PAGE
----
Neurotransmitter disorders have diverse genetic causes that result in different epilepsies. In a retrospective study involving a series of patients diagnosed with early infantile epileptic encephalopathies (34), the diagnoses were further confirmed by laboratory molecular investigations. The neurotransmitter disorder in this patient group was due to mutations in genes responsible for synapsis, neurotransmitters, and receptors (AP3B2, FRRS1L, GRIN2B), ion channels (KCNB1, SCN1A), signal transduction (ARHGEF9, GNA01), and organelles and cell membranes (ARV1, PCDH19) (35). These results confirmed that higher rates of neurotransmitter disease could be attributed to a predominance of autosomal recessive genotypes resulting from consanguineous marriage (34).

Biotin–thiamine-responsive basal ganglia disease, caused by defects in SLC19A3, has wide variability in phenotypes and the age of onset (36), but it is mainly characterized by intractable seizures following stress (e.g., trauma and fever). Biotin–thiamine-responsive basal ganglia disease is caused by a defect in a thiamin transporter (hTHTR2), and there is potential that early intervention with thiamine and biotin can ameliorate the clinical phenotype and help with seizure control. On the whole, 52% of the reported cases of this disorder are from Saudi Arabia, where the estimated carrier frequency is 1:500 (4,36).

The prevalence of pyridoxine-dependent epilepsy (PDE) is unknown, but estimates vary from 1:20,000 infants with epileptic encephalopathy to 1:600,000 in the UK (34). Because the underlying cause of the genetic defect of PDE was unknown for a long time, the diagnostic criteria were limited and diagnosis may have been missed in many cases.

Congenital disorder of glycosylation (CDG)

In addition to other organ systems, CDG primarily involves the central nervous system. In a retrospective study involving 27 patients with CDG from Saudi Arabian hospitals, Alshenaifi et al. concluded that the application of next-generation sequencing and the fundamentals of glycobiology have broadened the scope of CDGs, opening up new avenues for understanding individual types of CDGs as well as the associated underlying mechanisms of different pathways (33). Well-known CDGs are inherited in an autosomal recessive manner and have substantial defects in the N-glycan assembly. Molecular studies have shown that all the 27 patients with CDG had homozygous mutations in ALG3-CDG (26%), ALG9-CDG (29.5%), MGAT2-CDG (11%), and/or COG6-CDG (26%) (37). In this cohort, the combined carrier frequency of CDG was 11.5 cases per 10,000 people. This research provided valuable epidemiological data on the prevalence of CDGs in a large patient cohort (33,37).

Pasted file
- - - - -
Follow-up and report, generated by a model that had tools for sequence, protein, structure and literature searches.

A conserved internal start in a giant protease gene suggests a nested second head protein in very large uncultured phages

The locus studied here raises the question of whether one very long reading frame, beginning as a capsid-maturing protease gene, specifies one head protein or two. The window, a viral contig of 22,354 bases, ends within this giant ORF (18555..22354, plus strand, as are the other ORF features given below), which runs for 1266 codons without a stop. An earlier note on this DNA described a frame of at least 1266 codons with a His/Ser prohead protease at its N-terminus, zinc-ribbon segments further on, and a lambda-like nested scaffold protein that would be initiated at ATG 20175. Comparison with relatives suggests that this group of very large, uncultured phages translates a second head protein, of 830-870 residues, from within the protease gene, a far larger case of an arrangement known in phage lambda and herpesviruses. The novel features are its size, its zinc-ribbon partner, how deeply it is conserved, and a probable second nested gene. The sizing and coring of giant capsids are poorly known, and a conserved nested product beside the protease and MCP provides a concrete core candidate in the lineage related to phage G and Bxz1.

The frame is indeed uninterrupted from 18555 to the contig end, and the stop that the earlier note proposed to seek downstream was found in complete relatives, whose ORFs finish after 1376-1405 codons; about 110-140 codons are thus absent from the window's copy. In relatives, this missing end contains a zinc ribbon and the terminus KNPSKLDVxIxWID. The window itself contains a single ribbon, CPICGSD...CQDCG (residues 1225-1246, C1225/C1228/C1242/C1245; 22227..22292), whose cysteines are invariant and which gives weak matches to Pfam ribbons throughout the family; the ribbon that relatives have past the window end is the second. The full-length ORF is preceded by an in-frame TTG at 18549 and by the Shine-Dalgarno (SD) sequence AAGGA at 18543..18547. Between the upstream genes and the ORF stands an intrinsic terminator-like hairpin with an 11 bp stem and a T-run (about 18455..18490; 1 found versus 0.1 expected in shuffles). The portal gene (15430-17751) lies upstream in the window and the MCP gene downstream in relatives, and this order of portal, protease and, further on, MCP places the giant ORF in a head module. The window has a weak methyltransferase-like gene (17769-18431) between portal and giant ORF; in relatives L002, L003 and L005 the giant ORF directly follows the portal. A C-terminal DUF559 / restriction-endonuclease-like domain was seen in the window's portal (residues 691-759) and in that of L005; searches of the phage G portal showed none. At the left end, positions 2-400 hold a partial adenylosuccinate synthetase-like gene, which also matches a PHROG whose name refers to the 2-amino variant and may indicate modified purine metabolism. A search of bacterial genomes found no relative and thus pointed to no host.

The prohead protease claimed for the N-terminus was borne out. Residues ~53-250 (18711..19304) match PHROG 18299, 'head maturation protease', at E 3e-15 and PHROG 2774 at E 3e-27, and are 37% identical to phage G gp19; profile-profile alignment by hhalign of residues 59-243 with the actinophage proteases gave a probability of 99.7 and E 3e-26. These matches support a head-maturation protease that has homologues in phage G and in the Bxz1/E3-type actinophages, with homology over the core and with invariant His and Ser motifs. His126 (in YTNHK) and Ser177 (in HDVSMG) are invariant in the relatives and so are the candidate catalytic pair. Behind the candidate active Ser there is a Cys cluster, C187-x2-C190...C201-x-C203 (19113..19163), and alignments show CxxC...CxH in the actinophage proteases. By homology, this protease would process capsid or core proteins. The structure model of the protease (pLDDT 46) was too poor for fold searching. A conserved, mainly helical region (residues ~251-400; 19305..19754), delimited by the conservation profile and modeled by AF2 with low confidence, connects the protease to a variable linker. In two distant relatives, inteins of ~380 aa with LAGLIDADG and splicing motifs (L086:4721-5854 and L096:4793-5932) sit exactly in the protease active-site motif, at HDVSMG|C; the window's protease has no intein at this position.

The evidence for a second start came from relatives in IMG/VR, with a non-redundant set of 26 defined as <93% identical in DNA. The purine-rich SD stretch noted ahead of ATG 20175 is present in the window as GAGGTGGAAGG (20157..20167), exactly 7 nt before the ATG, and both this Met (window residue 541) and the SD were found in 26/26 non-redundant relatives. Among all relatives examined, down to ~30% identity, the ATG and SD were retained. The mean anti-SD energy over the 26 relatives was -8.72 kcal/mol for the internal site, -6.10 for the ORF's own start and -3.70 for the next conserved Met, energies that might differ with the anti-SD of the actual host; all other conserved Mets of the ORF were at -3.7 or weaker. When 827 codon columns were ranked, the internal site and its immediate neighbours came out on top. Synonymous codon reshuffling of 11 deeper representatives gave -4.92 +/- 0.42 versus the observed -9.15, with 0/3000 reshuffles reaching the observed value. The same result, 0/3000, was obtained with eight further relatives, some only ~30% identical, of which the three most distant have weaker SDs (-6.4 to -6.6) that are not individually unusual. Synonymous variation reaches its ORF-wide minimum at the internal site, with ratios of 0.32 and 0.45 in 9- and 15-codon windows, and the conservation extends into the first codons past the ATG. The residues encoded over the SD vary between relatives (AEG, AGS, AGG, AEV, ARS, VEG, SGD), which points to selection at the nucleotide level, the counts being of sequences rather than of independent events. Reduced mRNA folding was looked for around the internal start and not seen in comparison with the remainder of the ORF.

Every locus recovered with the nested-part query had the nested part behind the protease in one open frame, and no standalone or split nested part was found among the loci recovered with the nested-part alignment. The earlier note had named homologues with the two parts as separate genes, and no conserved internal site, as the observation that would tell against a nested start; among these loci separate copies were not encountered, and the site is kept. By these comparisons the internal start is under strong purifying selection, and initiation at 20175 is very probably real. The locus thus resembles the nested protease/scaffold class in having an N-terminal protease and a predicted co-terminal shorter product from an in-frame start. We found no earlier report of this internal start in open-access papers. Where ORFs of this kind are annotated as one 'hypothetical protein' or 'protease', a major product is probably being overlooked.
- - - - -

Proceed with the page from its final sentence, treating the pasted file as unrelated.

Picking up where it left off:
Conclusion

Recent studies on genetics in the Saudi Arabian population have contributed significantly to the global effort to track the causal mutations of diseases with Mendelian inheritance patterns, especially in the field of autosomal recessive diseases. Consanguinity and large family size are the two most dominant contributors to the prevalence of recessive congenital diseases among the Saudi Arabian population. Irrespective of the availability of a plethora of data published on the prevalence of different genetic diseases in Saudi Arabia, there is still a major gap in mapping the distribution of these diseases and their genetic landscape. The emergence of enhanced NBS for treatable metabolic disorders has significantly improved the rate of early diagnosis, expanded management, and improved outcomes for many patients. Nevertheless, the treatment and prognosis of some untreated epilepsy-causing metabolic disorders, such as peroxisomal and mitochondrial disorders, have not improved dramatically over the last few decades despite advances in technology and testing. However, the advent of novel technologies and the continuous efforts of researchers have raised the expectations for continued improvement in the near future.


Future Directions

Further research is needed to delineate specific aspects of the incidence of different, but related, neurometabolic disorders. For example, limited awareness of available treatments for seizures related to PDE and antiquitin deficiency means that this disorder likely remains significantly underdiagnosed. The literature is lacking in interventional studies and randomized control trials. Research in this area is limited because these disorders are so rare; thus, information and collaboration are necessary to support continued treatment advancements.

Despite the availability of data on different genetic diseases in Saudi Arabia, there is a gap in mapping the distribution of these diseases and their genetic landscape; therefore, additional research is needed. In addition, information on metabolic diseases with unknown prevalence or inadequate prevalence is also needed. To conclude, little research is available on the new genetic tools for diagnosing and treating these disorders, which therefore requires further investigation.

List of Abbreviations

CDG congenital disorders of glycosylation
IEM Inborn error of metabolism
LSD lysosomal storage disease
MCT medium-chain triglycerides
MPS mucopolysaccharidosis
MSD multiple sulfatase